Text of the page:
Paraphrenia is not included in the DSM-5. More recently, clinicians have been classifying it as very late-onset schizophrenia-like psychosis. In fact, patients who present with these particular symptoms have been diagnosed with a variety of other illnesses, including atypical psychosis, schizoaffective disorder, delusional disorder or persistent persecutory state.

The hallucinations in paraphrenia are often auditory with approximately 75% of patients reporting such an experience. Visual, olfactory and tactile hallucinations have been reported as well.

Those who develop the disease in late life are often described as having eccentric and/or solitary personalities prior to the illness. Many are described as having been argumentative, overly-sensitive, overly religious, suspicious or cold.

It is very common for paraphrenia patients to experience delusions revolving around the idea of persecution. For example, a patient with this disease might believe that the police are staked out in his hedge at night waiting for him to come out, or be convinced that a neighbor is tapped into his phone line, listening to everything he says. Feelings of grandiose, hypochondriacal and erotic delusions have also been reported.

Example: Patricia had long been living alone before she developed full-blown psychosis. Her family members had been estranged for some time, and whenever they tried to contact her, she accused them of trying to steal her money.

Traci Pedersen <![CDATA[Ageism]]> http://psychcentral.com/encyclopedia/?p=920 2018-01-08T20:43:05Z 2016-06-17T06:37:22Z Ageism is a form of discrimination toward an individual or group based on their age. The term often refers to the treatment of older people but is occasionally used to define prejudice against young people as well.

The term ‘ageism’ was coined in 1969 by Robert Neil Butler, the first director of the National Institute on Aging and a Pulitzer Prize winning-author. He defined ageism as having three connected elements: prejudicial attitudes toward older people, old age and the aging process; discrimination against older people; and practices and policies that perpetuate stereotypes of older people.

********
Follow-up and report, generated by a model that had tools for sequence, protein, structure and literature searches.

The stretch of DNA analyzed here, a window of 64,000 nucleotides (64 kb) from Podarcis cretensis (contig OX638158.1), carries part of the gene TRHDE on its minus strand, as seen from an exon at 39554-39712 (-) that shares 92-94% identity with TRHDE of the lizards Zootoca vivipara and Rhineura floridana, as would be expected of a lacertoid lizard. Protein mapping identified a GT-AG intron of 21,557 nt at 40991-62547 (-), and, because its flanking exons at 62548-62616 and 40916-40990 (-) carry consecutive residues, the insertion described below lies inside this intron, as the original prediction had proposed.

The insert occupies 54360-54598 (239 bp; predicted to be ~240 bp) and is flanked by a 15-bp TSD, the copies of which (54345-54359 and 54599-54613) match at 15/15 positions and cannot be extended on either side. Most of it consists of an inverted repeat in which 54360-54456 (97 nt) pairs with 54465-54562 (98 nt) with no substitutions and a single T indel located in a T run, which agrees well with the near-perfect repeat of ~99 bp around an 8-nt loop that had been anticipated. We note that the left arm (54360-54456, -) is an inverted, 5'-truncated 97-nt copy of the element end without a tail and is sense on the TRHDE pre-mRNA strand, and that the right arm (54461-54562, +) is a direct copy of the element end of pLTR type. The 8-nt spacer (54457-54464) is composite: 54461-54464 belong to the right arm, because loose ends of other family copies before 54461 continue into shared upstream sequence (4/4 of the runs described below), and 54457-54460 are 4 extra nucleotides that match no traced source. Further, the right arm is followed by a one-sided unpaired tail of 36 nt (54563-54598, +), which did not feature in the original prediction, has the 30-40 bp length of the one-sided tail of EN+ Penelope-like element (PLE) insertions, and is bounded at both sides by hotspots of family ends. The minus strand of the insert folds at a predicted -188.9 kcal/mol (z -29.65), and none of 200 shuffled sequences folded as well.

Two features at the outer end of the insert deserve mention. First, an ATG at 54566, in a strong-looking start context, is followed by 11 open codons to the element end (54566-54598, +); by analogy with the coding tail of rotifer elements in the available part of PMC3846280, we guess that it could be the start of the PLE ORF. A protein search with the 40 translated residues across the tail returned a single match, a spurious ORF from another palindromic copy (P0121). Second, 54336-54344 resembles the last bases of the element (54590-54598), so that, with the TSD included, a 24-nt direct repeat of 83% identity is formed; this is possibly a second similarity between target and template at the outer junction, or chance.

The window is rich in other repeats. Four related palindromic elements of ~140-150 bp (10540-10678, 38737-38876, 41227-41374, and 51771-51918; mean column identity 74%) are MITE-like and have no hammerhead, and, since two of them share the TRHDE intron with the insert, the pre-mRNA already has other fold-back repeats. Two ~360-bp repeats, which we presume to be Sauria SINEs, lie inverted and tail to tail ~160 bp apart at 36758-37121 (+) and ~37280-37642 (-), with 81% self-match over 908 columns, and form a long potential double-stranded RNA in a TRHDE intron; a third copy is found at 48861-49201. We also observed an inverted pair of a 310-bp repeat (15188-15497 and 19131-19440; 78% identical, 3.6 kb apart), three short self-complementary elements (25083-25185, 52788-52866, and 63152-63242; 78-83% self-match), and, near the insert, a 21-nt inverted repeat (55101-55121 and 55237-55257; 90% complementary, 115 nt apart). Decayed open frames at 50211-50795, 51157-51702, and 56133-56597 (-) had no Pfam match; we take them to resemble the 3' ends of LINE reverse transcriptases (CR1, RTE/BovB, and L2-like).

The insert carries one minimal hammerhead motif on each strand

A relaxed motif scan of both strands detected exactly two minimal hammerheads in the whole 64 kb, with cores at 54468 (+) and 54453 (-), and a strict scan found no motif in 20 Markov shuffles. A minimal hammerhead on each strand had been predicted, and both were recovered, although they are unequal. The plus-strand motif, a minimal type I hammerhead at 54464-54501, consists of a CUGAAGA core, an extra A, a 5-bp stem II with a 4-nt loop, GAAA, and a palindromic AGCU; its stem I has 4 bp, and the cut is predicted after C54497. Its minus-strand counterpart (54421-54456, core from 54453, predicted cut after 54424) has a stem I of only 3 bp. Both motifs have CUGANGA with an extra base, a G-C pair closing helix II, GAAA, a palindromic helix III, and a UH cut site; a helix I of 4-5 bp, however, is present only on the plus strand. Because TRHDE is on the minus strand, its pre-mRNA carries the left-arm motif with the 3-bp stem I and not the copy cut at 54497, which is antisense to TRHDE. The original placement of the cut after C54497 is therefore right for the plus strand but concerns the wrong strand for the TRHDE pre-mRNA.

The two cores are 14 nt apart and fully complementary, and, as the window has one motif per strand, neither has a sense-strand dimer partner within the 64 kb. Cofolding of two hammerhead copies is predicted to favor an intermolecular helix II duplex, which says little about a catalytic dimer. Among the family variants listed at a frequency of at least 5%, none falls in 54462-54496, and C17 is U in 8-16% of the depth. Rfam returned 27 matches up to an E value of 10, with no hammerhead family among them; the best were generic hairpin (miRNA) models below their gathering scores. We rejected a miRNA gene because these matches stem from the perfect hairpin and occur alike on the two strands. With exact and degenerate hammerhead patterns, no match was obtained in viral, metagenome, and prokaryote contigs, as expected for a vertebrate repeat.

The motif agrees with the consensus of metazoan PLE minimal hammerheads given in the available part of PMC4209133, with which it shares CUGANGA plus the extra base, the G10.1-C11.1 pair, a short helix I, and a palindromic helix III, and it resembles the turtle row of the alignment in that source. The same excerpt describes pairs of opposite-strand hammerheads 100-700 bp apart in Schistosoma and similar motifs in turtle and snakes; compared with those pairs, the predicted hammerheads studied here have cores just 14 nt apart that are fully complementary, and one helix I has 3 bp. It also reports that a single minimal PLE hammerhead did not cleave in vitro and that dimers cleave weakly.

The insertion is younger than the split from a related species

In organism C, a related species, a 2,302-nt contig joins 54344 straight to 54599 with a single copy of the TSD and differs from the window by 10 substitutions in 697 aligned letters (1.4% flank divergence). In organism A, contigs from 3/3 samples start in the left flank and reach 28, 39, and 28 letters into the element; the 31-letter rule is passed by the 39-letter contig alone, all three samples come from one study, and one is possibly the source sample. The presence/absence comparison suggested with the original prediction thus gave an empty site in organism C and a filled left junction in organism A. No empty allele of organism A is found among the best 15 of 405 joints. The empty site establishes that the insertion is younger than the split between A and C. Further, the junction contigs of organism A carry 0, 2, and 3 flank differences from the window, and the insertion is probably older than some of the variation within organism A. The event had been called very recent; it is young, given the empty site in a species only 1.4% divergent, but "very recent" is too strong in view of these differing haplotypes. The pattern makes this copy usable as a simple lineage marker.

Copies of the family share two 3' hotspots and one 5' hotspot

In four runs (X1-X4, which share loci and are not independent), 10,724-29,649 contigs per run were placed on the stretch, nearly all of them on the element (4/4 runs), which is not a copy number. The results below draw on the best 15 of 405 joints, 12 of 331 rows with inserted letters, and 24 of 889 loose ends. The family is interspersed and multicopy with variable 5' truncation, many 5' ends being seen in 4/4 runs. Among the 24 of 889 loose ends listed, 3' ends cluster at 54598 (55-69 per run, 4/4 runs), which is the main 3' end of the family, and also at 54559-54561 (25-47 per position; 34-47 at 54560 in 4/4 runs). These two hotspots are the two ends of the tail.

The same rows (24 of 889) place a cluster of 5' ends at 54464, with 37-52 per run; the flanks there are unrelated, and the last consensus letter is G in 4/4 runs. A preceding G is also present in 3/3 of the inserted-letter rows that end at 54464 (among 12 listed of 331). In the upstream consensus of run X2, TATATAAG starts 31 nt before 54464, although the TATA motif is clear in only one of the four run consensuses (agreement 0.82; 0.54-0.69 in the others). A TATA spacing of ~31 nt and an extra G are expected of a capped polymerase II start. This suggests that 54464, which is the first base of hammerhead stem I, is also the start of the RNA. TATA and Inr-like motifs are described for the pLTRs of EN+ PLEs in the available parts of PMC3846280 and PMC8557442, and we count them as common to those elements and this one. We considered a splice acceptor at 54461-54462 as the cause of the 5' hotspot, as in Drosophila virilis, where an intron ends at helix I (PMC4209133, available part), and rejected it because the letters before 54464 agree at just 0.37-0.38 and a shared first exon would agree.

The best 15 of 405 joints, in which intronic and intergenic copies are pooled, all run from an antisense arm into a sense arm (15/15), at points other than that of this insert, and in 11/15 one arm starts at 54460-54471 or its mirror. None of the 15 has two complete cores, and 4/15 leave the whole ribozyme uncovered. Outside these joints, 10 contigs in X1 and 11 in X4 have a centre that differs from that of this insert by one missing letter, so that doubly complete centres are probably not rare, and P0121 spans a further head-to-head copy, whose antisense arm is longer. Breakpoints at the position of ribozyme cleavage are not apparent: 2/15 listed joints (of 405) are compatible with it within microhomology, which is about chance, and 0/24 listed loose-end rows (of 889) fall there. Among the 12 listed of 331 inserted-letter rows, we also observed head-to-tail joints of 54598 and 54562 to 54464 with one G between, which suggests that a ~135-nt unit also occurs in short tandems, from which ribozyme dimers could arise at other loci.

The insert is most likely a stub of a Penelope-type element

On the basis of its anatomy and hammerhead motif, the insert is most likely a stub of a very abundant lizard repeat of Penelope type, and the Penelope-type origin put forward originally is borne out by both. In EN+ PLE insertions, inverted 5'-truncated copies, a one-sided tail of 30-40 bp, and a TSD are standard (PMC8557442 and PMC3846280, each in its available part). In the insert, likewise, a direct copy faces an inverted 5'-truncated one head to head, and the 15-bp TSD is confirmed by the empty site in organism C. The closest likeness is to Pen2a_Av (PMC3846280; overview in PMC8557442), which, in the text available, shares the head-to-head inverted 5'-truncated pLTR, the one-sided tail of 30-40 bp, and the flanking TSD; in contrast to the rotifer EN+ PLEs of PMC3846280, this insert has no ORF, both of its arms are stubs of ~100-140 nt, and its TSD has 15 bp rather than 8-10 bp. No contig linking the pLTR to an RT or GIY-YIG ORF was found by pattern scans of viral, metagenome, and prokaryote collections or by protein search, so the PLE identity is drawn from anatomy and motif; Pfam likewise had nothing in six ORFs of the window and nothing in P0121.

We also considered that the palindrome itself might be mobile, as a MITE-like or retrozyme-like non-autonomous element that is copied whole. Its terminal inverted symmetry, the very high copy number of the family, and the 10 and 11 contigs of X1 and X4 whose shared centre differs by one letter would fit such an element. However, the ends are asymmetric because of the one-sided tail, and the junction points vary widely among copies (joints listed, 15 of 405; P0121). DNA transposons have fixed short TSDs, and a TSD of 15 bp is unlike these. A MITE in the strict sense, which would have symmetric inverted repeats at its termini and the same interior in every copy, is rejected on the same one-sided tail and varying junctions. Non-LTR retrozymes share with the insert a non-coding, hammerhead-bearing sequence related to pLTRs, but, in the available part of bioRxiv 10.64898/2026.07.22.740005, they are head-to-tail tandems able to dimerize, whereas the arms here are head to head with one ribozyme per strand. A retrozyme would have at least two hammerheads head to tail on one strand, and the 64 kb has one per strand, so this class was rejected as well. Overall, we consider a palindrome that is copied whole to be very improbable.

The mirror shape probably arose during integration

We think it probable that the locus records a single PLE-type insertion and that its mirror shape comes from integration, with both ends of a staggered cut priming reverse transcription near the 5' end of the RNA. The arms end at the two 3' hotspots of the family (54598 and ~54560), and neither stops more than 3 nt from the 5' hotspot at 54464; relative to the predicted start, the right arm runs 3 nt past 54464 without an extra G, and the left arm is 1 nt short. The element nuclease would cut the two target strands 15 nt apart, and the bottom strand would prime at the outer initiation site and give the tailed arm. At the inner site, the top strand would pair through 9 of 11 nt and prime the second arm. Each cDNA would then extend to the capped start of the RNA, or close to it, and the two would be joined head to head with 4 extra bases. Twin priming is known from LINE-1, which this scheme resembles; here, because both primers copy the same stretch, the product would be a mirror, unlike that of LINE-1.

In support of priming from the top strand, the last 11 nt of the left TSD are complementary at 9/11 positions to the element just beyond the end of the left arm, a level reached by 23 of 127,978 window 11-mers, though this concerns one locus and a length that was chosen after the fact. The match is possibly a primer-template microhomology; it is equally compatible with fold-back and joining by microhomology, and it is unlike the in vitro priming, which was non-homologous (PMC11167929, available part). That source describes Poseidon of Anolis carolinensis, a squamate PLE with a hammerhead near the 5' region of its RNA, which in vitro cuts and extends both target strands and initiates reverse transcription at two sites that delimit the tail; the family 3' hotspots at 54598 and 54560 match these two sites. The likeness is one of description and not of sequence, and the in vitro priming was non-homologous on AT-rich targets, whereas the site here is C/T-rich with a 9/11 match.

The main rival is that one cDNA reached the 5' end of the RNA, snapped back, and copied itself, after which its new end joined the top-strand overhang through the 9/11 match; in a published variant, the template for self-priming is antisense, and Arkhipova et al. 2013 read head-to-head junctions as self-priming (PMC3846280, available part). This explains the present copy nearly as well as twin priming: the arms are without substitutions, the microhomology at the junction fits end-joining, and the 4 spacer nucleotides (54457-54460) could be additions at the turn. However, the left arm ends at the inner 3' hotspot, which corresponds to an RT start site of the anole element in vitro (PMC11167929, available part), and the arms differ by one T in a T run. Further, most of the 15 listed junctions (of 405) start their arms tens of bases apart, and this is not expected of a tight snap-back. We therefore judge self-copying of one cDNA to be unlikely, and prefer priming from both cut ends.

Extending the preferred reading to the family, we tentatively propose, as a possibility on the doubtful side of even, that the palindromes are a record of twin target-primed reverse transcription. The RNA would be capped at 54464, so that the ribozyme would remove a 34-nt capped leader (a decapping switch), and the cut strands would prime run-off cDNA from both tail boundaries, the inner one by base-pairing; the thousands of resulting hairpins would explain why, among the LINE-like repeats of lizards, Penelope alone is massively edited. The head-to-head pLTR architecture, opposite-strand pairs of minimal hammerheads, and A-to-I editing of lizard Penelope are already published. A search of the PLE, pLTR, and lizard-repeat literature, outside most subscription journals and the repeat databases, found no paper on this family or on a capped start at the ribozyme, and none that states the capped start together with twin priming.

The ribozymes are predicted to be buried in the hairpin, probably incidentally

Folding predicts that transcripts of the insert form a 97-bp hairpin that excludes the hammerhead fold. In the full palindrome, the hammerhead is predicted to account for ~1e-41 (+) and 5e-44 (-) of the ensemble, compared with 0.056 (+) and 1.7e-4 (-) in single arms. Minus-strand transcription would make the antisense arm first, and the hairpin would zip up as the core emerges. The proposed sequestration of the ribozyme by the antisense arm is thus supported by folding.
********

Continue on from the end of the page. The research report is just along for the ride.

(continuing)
Some particularly persistent stereotypes toward older people include the following: being unable to contribute to society, having a poor memory, being slow and inactive, being out-of-date, and lacking knowledge of technology.

Stereotypes against younger people may include thinking they are too young to contribute any wisdom or knowledge, believing that they cannot think for themselves, or that they will be unruly and misbehave.

There are several forms of ageism, including adultism, gerontocracy and jeunism. Adultism is a favoring of adults over children and teenagers. Gerontocracy is a form of government wherein the leaders are all significantly older than the average adult population. Jeunism is the favoring of younger people and youthful beauty over older people. This can be seen in modern culture, politics, jobs, and anywhere that beauty is preferred over other traits that older adults may offer.

A new definition of ageism was introduced by Iversen, Larsen, & Solem in 2009: “Ageism is defined as negative or positive stereotypes, prejudice and/or discrimination against (or to the advantage of) elderly people on the basis of their chronological age or on the basis of a perception of them as being ‘old’ or ‘elderly’. Ageism can be implicit or explicit and can be expressed on a micro-, meso- or macro-level” (Iversen, Larsen & Solem, 2009).

Example: The actress, who had starred in several movie sequels over a span of generations, was harshly criticized by some people for not looking as attractive as her younger self and for not “aging well.”

Traci Pedersen <![CDATA[Parkinson’s Disease]]> http://psychcentral.com/encyclopedia/?p=917 2018-01-08T20:43:05Z 2016-06-17T06:37:22Z Parkinson’s disease (PD) is a degenerative disorder of the central nervous system that mainly affects a patient’s movement. Symptoms include shaking, rigidity, slowness of movement (bradykinesia), changes in speech and writing, and problems with walking. Symptoms arise from the death of dopamine-generating cells in the substantia nigra, a region of the midbrain. The reasons for this cell death are still unclear.

Most cases occur in people over 50 years of age, and when it is found in younger people, it is referred to as young onset PD. In the later stages of the disease, other problems often arise in addition to the motor symptoms, including difficulties with behavior, emotion, sleep and cognition. Depression is very common among PD patients, and dementia often occurs in the later stages.

There is no cure for PD, but some medications such as L-DOPA (precursor to the neurotransmitters dopamine, norepinephrine, and epinephrine) as well as dopamine agonist drugs can improve symptoms in the early stages of the disease. In the later stages, however, these drugs become ineffective as the dopaminergic neurons continue to die, and taking them may lead to bad side effects, such as involuntary writhing movements.